February 04, 2021


Roberto Piana: Grand Fantasy on Puccini’s “La bohème”; Grand Fantasy on Bizet’s “Carmen.” Antonio Pompa-Baldi, piano. Steinway & Sons. $17.99.

Sid Richardson: Red Wind; There is no sleep so deep; LUNE; Astrolabe. New Focus Recordings. $16.99.

     One of the difficulties in pinning down what “classical music” means in the 21st century is that composers, in this century as in the latter part of the 20th, refuse to be pinned down. They not only draw on a multitude of influences but also employ forms, structures, instrumentation, and musical design in very different ways and to very different ends. The well-known 19th-century dispute between the followers of Brahmsian “pure” music and Lisztian “illustrative” music seems very long ago and positively quaint by comparison with the trends (or non-trends) among today’s composers – except that nowadays there is little argument about whether a given approach is or is not entitled to be considered “classical,” and the whole issue of terminology has become something of an academic exercise.

     Within this just-about-anything-goes musical culture, composers are quite free to decide what forms to use, what sounds to employ, what structures to embrace, and what approaches to try as they seek an audience for their works. Roberto Piana draws very obviously and very skillfully on a form and approach strongly identified with Liszt – the virtuosic operatic paraphrase/fantasy – in new works written for and performed by Antonio Pompa-Baldi on an excellent Steinway & Sons CD. Liszt was scarcely the sole master of operatic material recast as piano virtuosity: Godowsky, Kalkbrenner, Thalberg and others wrote and played at near-Lisztian levels. And the world première recordings of the two Grand Fantasy compositions by Piana lie firmly in this environment. They are quite extended: the one on La bohème runs nearly half an hour, the one on Carmen only a few minutes less. Both are packed with familiar music – familiar not only to opera lovers but also to listeners who may know little about classical music but may well have heard these tunes in other contexts. And in the case of Carmen, Piana draws quite clearly on previous noteworthy musical fantasies by Sarasate and Waxman. Those, however, focused on the violin, and what Piana does with considerable skill – abetted by some truly marvelous playing by Pompa-Baldi – is to transform the orchestral music of Bizet and Puccini into the kinds of virtuoso showpieces that Liszt himself might have written if he had tackled these operas (Liszt actually knew Bizet and admired his pianism, but by the time of Carmen in 1875, Liszt’s own work had moved into more-contemplative musical regions). What is interesting about these Piana fantasies is that despite their grand scale and their essentially Romantic temperament, they are clearly the work of a composer who knows what harmonies, rhythms and techniques are available in the 21st century, and who is able to make judicious use of some elements that go beyond what Liszt and other 19th-century grandmasters produced. Piana also fully understands the capabilities of a full-scale modern Steinway piano: it is worth pointing out that the piano in its modern form only came into existence during Liszt’s lifetime (and partly because of the demands made by him and other virtuoso players). Pompa-Baldi is an absolutely first-rate advocate of this music: assured, fully engaged in the material, equally able to bring forth themes and figurations from right or left hand or in a combination of both, a whirlwind in fast passages and a sensitively introspective, contemplative interpreter of slower, quieter ones. The warmth and beauty of Puccini are given their full due by both Piana and Pompa-Baldi, and the piquancy and exoticism of Bizet come through equally clearly. Operagoers will relish hearing familiar tunes throughout both these fantasies, expanded and rearranged and varied and combined. But the music also reaches out effectively to listeners who may never have seen either opera – it simply pulls an audience in through its display of beautiful tunes and themes, and their elaboration and highly effective presentation by a pianist who here shows himself to be a 21st-century heir of a grand 19th-century performing tradition.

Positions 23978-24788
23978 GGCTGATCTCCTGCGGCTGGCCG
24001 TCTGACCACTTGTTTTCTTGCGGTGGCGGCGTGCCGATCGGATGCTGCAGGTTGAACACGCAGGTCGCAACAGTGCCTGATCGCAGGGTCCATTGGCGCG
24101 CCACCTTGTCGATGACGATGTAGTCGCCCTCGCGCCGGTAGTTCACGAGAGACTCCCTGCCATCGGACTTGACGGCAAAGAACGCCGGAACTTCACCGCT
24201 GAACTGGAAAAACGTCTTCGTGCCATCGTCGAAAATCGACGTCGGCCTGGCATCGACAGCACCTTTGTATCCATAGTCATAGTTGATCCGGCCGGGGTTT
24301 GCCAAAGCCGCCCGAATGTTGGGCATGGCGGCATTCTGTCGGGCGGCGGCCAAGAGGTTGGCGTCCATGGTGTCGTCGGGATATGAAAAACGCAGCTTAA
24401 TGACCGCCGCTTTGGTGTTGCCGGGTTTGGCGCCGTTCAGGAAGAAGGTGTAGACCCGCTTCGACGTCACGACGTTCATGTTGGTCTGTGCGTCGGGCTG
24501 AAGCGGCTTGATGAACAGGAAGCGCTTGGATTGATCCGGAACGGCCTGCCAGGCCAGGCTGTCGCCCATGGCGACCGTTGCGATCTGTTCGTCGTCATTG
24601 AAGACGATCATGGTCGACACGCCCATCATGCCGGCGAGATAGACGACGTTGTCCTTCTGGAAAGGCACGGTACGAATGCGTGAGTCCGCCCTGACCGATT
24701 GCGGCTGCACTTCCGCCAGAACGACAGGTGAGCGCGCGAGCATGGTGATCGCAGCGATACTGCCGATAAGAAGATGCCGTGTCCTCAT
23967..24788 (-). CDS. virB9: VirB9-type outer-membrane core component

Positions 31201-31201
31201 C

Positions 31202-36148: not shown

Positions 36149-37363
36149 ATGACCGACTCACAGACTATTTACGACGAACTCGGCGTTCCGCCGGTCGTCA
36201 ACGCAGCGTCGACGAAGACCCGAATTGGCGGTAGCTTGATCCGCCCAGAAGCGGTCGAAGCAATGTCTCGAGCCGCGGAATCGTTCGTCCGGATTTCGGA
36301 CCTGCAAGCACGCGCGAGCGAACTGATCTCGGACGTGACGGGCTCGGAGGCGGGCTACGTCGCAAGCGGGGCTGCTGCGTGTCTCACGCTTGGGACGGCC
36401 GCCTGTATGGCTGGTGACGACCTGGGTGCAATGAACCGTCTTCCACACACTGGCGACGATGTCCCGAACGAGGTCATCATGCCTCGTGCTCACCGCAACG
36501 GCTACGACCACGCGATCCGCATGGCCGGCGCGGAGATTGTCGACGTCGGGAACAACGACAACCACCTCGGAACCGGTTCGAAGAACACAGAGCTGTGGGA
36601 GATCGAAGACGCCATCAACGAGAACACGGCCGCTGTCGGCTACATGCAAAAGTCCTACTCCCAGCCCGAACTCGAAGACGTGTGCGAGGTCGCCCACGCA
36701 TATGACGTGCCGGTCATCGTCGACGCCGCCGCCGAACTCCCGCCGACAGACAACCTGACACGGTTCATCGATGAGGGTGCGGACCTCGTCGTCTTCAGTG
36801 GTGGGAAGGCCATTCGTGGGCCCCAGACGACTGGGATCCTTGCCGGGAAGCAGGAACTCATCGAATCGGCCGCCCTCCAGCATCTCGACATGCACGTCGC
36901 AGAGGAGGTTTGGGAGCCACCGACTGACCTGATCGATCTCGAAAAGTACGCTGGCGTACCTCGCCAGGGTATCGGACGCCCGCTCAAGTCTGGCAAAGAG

Sid Richardson’s music on a (+++) New Focus Recordings CD is quite different and much more in line with what listeners are likely to mean when they talk about “modern classical music.” The solo pieces here for piano and violin – the latter also including electronic media – sound the way people who do not regularly listen to contemporary music will expect this music to sound. And the two works for chamber ensemble, one of which includes two vocal parts, will also match expectations in their handling of the instruments (voices included) and the way the material is organized and presented. The most-substantial work here is the five-movement Red Wind (2017) for soprano, narrator, bass clarinet, trumpet, trombone, percussion, and contrabass. The instrumental lineup itself shows one way in which some of today’s composers try to set their music apart from earlier works, by utilizing familiar instruments in new combinations. The sounds of Red Wind involve narrator and soprano intertwined (so the differing, superimposed words from both are largely inaudible), plus sections in which the soprano sings with the wide leaps and substantial dissonance characteristic of much modern music. Words are repeated and move into and out of coherence – their selection and meaning typical for music and poetry of a certain type (“I stood on stilts,” “there though I wasn’t there,” “ad hoc epiphany,” “to see it so, saw it so”). The instrumental music is disconnected from the vocals, the percussion often explosive and the potential melody instruments being used as sound generators rather than tune or harmony producers. Even the movements’ titles reflect a certain approach to contemporary music – for instance, two are called “Anabatic Jukebox” and “Anacoluthic Light.” The other chamber piece here, the single-movement Astrolabe (2014), is for flute, clarinet/bass clarinet, violin, cello, piano and percussion, and is less wide-ranging and ambitious than Red Wind. But Astrolabe is cut from much the same auditory cloth: athematic, setting instruments against each other rather than in any sort of cooperation, it revels in sound generation rather than any sort of communicative desire (and it does include some voices shouting exclamations, although it lacks the specific vocal writing of Red Wind). Listeners who enjoy the type of contemporary music that is a sound collection rather than a thematic/harmonic/rhythmic progression are likely the intended audience for Astrolabe, which has some attractive interplay of higher instruments from time to time but, as a whole, could be played backwards and have the same effect as playing it forwards. The solo-violin work here – actually “for violin and fixed media” – is called LUNE and actually lasts longer than Astrolabe. Despite the omnipresent electronic material, LUNE (2015) does not have the aural variability of either chamber work on this disc and does not sustain very well at its considerable length. It is mostly an atmospheric piece, giving a sense of distance and greyness and isolation in the violin, enhanced by the electronics into a soundscape of emptiness. The solo-piano work here, There is no sleep so deep (2016), is only half as long and, partly for that reason, is more effective. It also has more variability than the work for solo violin: there are contrasts of soft and loud, of slow and speedy. Like all the other music here, the piece is athematic and more about sound generation than anything else – but the inherent ability of a modern piano to produce variegated tonal material in many registers, at many tempos, gives the work a level of interest that the other pieces on the CD do not possess. Richardson’s handling of the piano is nevertheless as strongly contrasted to Piana’s approach to the instrument as it is possible to be – an object lesson in the extremes to which today’s composers can choose to go in seeking to create works that reach out to very different potential audiences from very different communicative perspectives.